Parts III, IV, and V will transition from the political and the economic to the people.
Part III will look at how white supremacy and the Western hegemony are closely linked and examine cases where the US intentionally used racism and bigotry to justify their war acts.
Part III will be published on Wednesday, December 26th so as not to unnecessarily depress you on Christmas Eve or Christmas day.
 Noam Chomsky, Hegemony or Survival (New York, Metropolitan Books, 2003), 152.
 Ibid., 227.
 Jane Perlez, “China’s ‘New Type’ of Ties Fails to Sway Obama,” The New York Times. The New York Times, Nov 9, 2014, https://www.nytimes.com/2014/11/10/world/asia/chinas-new-type-of-ties-fails-to-sway-obama.html, accessed Dec 19, 2018.
 “America’s new attitude towards China is changing the countries’ relationship,” The Economist. The Economist, Oct 18, 2018, https://www.economist.com/briefing/2018/10/18/americas-new-attitude-towards-china-is-changing-the-countries-relationship, accessed Dec 19, 2018.
 Graham Allison, Destined for War: Can America and China Escape Thucydide’s Trap? (New York: Houghton Mifflin Harcourt Publishing Company, 2017), xvi.
 G. John Ikenberry, “The Rise of China and the Future of the West,” Foreign Affairs. Foreign Affairs, Jan 28, 2008, https://www.foreignaffairs.com/articles/asia/2008-01-01/rise-china-and-future-west, accessed Dec 19, 2018.
 Martin Jacques, “Can the West’s democracy survive China’s rise to dominance?” The Economist. The Economist, Jun 14, 2018, https://www.economist.com/open-future/2018/06/14/can-the-wests-democracy-survive-chinas-rise-to-dominance, accessed Dec 20, 2018.
 Graham Allison, Destined for War: Can America and China Escape Thucydide’s Trap?, 207.
 Ibid., 155.
 Ibid., 150.
 Martin Jacques, “Can the West’s democracy survive China’s rise to dominance?”.
 P.H. Yu, “China’s rise will continue, whether the West likes it or not,” South China Morning Post. South China Morning Post, May 8, 2018, https://www.scmp.com/comment/insight-opinion/article/2145155/chinas-rise-will-continue-whether-west-likes-it-or-not, accessed Oct 21, 2018.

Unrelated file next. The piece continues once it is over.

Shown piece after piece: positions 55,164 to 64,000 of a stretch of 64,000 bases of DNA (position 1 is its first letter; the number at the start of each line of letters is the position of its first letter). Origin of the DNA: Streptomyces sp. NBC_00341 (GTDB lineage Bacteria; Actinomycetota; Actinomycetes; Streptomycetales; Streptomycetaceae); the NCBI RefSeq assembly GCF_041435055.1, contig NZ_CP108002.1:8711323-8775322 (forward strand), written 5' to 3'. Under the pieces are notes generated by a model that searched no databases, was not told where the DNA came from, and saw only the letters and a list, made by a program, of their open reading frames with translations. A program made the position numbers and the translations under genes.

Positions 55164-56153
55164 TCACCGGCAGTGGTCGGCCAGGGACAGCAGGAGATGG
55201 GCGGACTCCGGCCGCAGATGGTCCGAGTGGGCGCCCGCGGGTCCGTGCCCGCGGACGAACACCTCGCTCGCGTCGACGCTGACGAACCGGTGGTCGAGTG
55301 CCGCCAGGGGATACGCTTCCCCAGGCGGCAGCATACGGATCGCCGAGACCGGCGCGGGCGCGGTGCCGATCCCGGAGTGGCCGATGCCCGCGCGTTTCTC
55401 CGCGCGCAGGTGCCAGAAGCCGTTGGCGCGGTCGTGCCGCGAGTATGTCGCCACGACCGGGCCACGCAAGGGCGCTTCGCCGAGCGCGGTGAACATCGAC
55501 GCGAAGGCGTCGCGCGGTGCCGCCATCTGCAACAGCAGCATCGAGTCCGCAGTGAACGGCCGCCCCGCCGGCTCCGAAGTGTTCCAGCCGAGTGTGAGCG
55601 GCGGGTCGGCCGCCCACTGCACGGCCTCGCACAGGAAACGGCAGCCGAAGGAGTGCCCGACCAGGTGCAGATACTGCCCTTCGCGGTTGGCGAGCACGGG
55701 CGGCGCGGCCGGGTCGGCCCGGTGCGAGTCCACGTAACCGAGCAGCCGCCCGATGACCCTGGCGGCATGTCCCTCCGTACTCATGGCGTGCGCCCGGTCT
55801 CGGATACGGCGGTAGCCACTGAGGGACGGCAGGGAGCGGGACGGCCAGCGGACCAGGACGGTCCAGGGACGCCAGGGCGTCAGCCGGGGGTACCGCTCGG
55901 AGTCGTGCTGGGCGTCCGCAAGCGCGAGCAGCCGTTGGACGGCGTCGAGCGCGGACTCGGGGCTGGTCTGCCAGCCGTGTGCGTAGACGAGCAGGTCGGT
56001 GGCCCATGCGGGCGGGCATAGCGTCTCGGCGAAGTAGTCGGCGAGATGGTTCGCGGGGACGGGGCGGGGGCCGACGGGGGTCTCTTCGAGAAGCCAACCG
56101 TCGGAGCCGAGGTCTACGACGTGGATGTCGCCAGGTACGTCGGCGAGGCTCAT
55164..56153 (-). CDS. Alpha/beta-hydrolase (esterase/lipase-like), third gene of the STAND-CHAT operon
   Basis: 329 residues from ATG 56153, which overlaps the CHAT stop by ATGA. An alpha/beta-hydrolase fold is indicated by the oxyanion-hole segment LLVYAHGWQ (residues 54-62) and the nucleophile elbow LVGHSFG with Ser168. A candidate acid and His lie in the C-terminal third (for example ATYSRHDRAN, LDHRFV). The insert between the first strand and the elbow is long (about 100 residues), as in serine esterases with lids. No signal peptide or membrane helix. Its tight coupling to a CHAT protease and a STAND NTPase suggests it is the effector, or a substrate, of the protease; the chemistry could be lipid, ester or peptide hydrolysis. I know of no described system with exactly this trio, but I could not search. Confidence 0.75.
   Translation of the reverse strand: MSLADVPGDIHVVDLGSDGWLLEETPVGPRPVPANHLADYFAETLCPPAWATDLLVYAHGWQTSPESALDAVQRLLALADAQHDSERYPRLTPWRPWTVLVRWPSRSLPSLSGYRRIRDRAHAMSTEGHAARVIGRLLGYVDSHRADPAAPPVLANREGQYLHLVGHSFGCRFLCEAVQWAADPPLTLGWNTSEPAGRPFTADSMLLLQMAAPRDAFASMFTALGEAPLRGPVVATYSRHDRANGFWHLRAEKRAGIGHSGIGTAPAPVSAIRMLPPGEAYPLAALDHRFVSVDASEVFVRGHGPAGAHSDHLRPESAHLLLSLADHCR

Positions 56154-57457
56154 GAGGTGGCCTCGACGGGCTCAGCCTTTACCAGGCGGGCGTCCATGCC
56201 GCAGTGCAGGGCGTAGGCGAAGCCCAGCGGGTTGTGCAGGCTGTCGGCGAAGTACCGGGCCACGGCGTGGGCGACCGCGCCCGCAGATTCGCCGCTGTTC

Graham Allison, Destined for War: Can America and China Escape Thucydide’s Trap?, 144.
 Ibid., 139.
 Ibid., 145-146.
 Ibid., 146.
 Ibi.,, 116.
 Ibid., 115.
 Liangyu, “CPC proposes change on Chinese president’s term in Constitution,” Xiahua Net. Xiahua Net, Feb 25, 2018, http://www.xinhuanet.com/english/2018-02/25/c_136998770.htm, accessed Dec 21, 2018.
 Tom Phillips, “’Dictator for life’: Xi Jinping’s power grab condemned as step towards tyranny,” The Guardian. The Guardian, Feb 26, 2018, https://www.theguardian.com/world/2018/feb/26/xi-jinping-china-presidential-limit-scrap-dictator-for-life, accessed Dec 21, 2018.
 Simon Denyer, “China’s scary lesson to the world: Censoring the Internet works,” The Washington Post. The Washington Post, May 23, 2016, https://www.washingtonpost.com/world/asia_pacific/chinas-scary-lesson-to-the-world-censoring-the-internet-works/2016/05/23/413afe78-fff3-11e5-8bb1-f124a43f84dc_story.html, accessed Dec 21, 2018.
 Eva Dou, “Jailed for a Text: China’s Censors Are Spying on Mobile Chat Groups,” The Wall Street Journal. The Wall Street Journal, Dec 8, 2017, https://www.wsj.com/articles/jailed-for-a-text-chinas-censors-are-spying-on-mobile-chat-groups-1512665007, accessed Dec 21, 2018.
 “France couple in China unreachable after Liu Xiabo tribute,” BBC News. BBC News, Dec 22, 2017, https://www.bbc.com/news/world-asia-china-42454865, accessed Dec 21, 2018.
 Beina Xu and Eleanor Albert, “Media Censorship in China,” Council on Foreign Relations. Council on Foreign Relations, Feb 17, 2017, https://www.cfr.org/backgrounder/media-censorship-china, accessed Dec 21, 2018.
 Elana Beiser, “Hundreds of journalists jailed globally becomes the new normal,” Committee to Protect Journalists. Committee to Protect Journalists, Dec 13, 2018, https://cpj.org/reports/2018/12/journalists-jailed-imprisoned-turkey-china-egypt-saudi-arabia.php, accessed Dec 21, 2018.
 Steven Lee Myers and Dan Bilefsky, “Second Canadian Arrested in China, Escalating Diplomatic Feud,” The New York Times. The New York Times, Dec 12, 2018, https://www.nytimes.com/2018/12/12/world/asia/michael-spavor-canadian-detained-china.html, accessed Dec 21, 2018.
 Edward Wong and Michael Forsythe, “China’s Tactic to Catch a Fugitive Official: Hold His Two American Children,” The New York Times. The New York Times, Nov 25, 2018, https://www.nytimes.com/2018/11/25/us/politics/china-exit-ban.html, accessed, Dec 21, 2018.
 U.S. Department of State, China Travel Advisory, China – Level 2: Exercise Increased Caution, Jan 22, 2018, https://travel.state.gov/content/travel/en/traveladvisories/traveladvisories/china-travel-advisory.html.
 Bethany Allen-Ebrahimian, “Beijing is Holding U.S. Citizens ‘Hostage’ in China,” The Daily Beast. The Daily Best, Jun 18, 2018, https://www.thedailybeast.com/beijing-is-holding-us-citizens-hostage-in-china, accessed Dec 21, 2018.
 Graham Allison, Destined for War: Can America and China Escape Thucydide’s Trap?, 138.
 Bethany Allen-Ebrahimian, “Beijing is Holding U.S. Citizens ‘Hostage’ in China,”.
 David Dawson, “Hostage Taking Is China’s Small-Claims Court,” Foreign Policy. Foreign Policy, Aug 8, 2017, https://foreignpolicy.com/2017/08/08/chinas-police-think-hostages-arent-their-problem/, accessed Dec 21, 2018.
 Graham Allison, Destined for War: Can America and China Escape Thucydide’s Trap?, 238.
 Martin Jacques, “Can the West’s democracy survive China’s rise to dominance?”.
 Graham Allison, Destined for War: Can America and China Escape Thucydide’s Trap?, 140.
 Ibid., 200.